Smell Something, Say Something: Obamacare, O’Reilly, and full-time jobs

Jared Bernstein Senior Fellow, Center on Budget and Policy Priorities

And Jon sayeth unto the multitudes: “The best defense against bullsh__ is vigilance. So if you smell something, say something.”

This admonition came to mind, if not to nose, when I heard Fox’s Bill O’Reilly claim that the Affordable Care Act “has made it more difficult to create full-time jobs in America,” (around 2:30 in the video). The figure below, which indexes both full-time and part-time jobs to 100 in 2010, belies his claim. As ACA measures have been introduced, most notably the arrival of the subsidized exchanges and the Medicaid expansion in 2014, there’s been no noticeable change and certainly no Obamacare-induced shift to part-time work. Other data show that the number of involuntary part-time workers is down 18 percent—1.4 million fewer workers—since 2013.

Source: BLS, my analysis

No one’s claiming that the ACA is having miraculous effects on job growth, or even that it’s responsible for the full-time job growth you see above. Such outcomes are based on all the usual factors that drive labor demand, most notably the strength of the recovery.

My point is that while Obamacare is having its intended effect of making coverage more affordable and thereby lowering the uninsured rate, I’ve not seen any data that would lead an objective person to conclude it’s having a meaningful impact on the job market one way or the other.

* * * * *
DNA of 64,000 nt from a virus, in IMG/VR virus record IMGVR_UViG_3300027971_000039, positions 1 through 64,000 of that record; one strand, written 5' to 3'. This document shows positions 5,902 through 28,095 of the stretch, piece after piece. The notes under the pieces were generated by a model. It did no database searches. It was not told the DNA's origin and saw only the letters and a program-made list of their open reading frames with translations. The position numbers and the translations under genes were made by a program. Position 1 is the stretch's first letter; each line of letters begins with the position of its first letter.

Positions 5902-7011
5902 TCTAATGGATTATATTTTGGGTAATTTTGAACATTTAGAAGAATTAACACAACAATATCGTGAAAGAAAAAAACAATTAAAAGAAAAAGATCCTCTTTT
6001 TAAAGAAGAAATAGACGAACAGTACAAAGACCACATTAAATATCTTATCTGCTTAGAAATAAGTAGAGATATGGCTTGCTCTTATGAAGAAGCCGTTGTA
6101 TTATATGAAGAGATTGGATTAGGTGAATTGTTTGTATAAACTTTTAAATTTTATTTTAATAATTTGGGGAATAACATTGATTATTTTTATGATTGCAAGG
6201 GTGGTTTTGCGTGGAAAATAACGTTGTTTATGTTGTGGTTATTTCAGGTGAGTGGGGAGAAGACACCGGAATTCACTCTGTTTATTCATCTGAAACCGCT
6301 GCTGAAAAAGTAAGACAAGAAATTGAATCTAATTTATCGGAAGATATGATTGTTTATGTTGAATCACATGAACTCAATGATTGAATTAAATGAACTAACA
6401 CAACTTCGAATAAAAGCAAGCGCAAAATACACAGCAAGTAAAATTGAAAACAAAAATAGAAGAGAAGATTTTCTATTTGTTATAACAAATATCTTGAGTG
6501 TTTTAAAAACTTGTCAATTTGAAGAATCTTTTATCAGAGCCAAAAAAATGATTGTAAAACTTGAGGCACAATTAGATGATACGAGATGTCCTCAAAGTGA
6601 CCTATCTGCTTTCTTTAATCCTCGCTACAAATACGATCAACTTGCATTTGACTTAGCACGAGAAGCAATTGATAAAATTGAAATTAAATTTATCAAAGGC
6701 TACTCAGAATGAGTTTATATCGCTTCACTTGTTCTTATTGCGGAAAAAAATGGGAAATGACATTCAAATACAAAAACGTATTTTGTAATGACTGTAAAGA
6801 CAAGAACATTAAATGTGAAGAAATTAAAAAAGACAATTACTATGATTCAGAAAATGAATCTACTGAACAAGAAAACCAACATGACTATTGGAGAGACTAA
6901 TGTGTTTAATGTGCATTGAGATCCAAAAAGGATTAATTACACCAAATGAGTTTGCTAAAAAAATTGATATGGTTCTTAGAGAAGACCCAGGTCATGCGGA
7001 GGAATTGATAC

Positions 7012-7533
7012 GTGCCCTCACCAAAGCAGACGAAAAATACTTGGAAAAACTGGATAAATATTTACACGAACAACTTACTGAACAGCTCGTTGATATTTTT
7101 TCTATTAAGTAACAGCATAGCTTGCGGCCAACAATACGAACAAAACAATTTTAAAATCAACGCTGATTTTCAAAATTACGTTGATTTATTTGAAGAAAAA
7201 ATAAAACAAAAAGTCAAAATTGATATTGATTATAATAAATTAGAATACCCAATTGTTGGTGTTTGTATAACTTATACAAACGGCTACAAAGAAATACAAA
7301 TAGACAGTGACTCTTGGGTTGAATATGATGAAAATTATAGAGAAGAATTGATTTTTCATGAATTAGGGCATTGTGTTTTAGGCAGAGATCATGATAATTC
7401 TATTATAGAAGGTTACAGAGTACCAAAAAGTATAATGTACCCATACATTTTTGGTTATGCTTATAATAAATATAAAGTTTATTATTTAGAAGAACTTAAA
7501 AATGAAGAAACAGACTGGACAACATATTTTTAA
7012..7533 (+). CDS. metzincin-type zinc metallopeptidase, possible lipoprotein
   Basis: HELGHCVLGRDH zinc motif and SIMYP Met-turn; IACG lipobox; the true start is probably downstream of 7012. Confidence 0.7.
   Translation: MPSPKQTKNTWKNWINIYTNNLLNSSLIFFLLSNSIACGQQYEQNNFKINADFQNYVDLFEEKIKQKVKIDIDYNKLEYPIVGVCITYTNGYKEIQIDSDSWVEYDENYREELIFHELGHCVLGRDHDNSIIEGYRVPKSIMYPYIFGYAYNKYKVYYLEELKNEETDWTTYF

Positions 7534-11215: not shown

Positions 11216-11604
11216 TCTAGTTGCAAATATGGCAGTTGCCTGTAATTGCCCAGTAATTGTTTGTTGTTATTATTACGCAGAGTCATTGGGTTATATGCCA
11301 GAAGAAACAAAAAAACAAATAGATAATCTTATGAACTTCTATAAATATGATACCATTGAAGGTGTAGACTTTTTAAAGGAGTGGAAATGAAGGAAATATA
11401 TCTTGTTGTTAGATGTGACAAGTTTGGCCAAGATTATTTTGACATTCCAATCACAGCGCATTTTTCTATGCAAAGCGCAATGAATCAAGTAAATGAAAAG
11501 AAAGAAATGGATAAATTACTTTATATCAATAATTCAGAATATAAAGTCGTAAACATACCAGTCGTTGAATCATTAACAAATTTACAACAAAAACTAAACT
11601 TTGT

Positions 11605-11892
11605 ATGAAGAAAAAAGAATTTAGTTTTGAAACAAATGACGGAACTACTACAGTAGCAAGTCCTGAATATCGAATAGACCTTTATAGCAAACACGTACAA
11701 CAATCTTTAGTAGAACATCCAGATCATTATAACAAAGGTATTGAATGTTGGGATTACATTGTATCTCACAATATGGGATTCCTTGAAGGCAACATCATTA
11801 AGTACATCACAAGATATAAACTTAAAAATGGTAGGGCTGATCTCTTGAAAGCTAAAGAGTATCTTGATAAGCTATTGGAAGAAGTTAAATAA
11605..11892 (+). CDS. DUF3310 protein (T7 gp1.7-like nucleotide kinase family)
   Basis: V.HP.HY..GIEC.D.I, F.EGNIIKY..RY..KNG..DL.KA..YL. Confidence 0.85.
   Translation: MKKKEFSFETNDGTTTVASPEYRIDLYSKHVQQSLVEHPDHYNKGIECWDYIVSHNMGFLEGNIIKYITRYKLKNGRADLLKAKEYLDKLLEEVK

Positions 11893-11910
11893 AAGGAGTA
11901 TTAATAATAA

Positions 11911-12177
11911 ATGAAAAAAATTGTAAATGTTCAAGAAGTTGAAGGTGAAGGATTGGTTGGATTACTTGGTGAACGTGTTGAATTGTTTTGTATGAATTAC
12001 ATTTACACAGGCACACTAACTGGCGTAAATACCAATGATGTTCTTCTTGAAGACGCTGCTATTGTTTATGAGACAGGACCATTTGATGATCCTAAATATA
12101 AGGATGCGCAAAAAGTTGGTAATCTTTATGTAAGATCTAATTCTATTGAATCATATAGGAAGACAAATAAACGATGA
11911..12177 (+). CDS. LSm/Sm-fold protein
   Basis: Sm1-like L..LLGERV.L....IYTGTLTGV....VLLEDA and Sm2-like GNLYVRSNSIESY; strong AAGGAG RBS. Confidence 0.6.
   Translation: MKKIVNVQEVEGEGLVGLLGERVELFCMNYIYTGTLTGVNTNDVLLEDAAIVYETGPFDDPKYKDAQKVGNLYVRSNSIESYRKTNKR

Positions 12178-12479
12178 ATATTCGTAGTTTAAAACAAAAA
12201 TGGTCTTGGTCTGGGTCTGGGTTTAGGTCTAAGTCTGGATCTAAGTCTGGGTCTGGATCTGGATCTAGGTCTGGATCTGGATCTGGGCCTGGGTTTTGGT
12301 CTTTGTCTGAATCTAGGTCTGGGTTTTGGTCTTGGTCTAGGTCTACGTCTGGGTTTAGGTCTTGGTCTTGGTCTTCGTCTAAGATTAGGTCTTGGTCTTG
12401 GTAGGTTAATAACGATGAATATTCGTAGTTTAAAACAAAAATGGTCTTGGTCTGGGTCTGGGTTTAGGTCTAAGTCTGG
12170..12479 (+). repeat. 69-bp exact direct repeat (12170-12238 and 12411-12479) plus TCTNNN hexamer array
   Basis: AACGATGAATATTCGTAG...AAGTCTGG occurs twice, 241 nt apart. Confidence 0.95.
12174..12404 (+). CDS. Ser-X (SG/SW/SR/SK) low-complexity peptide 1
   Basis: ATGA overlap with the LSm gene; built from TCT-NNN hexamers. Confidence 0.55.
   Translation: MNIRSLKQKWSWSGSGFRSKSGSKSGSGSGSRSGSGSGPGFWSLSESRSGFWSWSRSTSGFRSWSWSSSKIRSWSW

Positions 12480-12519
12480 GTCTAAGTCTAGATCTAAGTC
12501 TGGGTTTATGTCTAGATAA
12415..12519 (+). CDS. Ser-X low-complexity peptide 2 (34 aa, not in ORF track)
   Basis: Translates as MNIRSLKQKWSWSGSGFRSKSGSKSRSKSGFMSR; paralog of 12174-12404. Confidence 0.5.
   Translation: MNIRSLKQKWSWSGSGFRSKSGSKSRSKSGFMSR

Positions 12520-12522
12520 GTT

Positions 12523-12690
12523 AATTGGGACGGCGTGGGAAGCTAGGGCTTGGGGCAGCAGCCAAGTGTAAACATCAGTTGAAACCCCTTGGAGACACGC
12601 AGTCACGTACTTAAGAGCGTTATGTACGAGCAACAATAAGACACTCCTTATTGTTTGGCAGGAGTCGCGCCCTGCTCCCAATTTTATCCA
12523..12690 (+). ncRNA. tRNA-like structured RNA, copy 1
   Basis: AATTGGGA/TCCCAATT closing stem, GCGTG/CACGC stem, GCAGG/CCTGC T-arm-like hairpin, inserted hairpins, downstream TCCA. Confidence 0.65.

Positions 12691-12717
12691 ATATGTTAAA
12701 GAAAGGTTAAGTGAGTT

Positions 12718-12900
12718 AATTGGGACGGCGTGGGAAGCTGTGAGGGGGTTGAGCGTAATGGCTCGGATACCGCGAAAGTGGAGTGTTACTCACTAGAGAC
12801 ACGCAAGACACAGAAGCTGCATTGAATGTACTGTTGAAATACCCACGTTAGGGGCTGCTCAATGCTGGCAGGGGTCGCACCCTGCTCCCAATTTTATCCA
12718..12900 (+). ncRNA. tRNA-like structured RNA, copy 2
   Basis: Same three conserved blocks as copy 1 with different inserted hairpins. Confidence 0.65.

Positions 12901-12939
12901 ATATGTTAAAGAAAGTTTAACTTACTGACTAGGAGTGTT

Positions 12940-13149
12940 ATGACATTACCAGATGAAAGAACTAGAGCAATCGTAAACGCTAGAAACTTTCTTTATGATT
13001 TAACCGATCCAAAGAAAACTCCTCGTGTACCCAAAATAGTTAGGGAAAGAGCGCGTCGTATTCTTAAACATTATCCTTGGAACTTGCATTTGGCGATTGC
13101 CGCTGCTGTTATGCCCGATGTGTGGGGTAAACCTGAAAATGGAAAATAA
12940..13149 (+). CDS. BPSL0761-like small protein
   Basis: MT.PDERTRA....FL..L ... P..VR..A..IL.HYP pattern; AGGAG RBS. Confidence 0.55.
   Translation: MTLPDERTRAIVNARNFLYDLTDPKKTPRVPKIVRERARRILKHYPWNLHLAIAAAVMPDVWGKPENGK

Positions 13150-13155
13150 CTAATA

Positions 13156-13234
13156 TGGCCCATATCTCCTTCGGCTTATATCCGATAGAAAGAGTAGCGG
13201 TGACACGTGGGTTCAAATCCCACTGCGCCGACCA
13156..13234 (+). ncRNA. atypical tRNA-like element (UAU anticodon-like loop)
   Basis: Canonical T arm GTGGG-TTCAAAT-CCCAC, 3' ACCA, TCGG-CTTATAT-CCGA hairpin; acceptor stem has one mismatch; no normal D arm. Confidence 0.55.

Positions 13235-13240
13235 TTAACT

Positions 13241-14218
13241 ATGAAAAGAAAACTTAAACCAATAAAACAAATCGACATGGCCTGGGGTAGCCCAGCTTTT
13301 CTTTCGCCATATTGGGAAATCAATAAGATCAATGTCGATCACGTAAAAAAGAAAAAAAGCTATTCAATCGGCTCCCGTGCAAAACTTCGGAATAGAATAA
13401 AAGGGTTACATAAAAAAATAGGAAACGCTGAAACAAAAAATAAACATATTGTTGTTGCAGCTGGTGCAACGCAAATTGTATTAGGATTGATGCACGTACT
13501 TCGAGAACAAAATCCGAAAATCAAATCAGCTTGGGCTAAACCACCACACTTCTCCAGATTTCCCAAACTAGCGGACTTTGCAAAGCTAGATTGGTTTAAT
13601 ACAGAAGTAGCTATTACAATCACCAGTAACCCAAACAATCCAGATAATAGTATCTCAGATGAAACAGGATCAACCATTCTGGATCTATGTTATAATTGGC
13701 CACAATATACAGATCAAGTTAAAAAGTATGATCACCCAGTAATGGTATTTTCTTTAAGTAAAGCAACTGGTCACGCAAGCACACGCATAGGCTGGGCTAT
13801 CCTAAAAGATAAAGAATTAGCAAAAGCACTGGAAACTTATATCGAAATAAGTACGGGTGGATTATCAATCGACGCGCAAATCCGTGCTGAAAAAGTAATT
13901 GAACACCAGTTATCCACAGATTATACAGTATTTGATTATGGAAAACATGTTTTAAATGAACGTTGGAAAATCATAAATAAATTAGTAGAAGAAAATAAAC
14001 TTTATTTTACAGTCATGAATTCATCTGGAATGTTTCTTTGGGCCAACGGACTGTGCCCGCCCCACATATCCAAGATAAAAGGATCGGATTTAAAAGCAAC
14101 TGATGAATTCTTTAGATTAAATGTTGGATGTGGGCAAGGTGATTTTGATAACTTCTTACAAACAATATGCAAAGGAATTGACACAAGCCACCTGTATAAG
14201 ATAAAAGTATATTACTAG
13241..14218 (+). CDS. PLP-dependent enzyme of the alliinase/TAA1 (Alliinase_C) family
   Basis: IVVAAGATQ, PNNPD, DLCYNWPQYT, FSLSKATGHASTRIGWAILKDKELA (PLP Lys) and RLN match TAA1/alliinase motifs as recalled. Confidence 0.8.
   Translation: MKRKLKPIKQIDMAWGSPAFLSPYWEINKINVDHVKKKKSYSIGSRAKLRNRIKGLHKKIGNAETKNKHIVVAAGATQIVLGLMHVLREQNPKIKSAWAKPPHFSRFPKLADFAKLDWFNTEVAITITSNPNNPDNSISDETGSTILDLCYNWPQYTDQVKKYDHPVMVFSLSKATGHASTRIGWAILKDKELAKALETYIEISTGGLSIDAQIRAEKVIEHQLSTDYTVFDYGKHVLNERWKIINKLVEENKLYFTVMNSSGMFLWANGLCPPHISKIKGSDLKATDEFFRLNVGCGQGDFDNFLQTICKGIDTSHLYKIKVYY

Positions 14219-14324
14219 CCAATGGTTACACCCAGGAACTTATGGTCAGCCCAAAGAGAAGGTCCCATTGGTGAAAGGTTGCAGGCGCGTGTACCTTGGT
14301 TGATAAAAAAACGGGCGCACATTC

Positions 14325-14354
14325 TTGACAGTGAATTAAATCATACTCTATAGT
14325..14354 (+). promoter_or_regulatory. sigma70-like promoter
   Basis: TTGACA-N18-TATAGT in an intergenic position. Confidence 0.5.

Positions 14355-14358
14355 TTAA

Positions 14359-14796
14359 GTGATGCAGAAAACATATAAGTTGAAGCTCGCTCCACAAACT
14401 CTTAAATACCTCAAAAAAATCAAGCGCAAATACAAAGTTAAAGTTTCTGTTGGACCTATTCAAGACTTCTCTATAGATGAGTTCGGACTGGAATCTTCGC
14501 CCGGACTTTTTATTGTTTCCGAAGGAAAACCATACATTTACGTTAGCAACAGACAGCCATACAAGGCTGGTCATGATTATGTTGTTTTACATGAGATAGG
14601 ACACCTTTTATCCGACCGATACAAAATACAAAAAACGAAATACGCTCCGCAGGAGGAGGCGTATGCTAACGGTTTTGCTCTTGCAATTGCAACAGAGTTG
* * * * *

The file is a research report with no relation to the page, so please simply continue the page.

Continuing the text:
My point is that while Obamacare is having its intended effect of making coverage more affordable and thereby lowering the uninsured rate, I’ve not seen any data that would lead an objective person to conclude it’s having a meaningful impact on the job market one way or the other.

In other words, those who still want to repeal Obamacare need a new rationale besides “it’s not working” or “it’s a job killer.” It is working and it’s not killing jobs. Those who claim otherwise are, in fact, fact-killers.

To be clear, I’m not going to waste a lot of time fact-checking Fox news, but I smelled something…I said something. And now, let the weekend begin!

***

This has been reposted from Jared Bernstein's blog.

Jared Bernstein joined the Center on Budget and Policy Priorities in May 2011 as a Senior Fellow.  From 2009 to 2011, Bernstein was the Chief Economist and Economic Adviser to Vice President Joe Biden, executive director of the White House Task Force on the Middle Class, and a member of President Obama’s economic team. Prior to joining the Obama administration, Bernstein was a senior economist and the director of the Living Standards Program at the Economic Policy Institute in Washington, D.C. Between 1995 and 1996, he held the post of deputy chief economist at the U.S. Department of Labor. He is the author and co-author of numerous books, including “Crunch: Why Do I Feel So Squeezed?” and nine editions of “The State of Working America.”

Posted In: Allied Approaches, From Jared Bernstein

Stronger Together

Stronger Together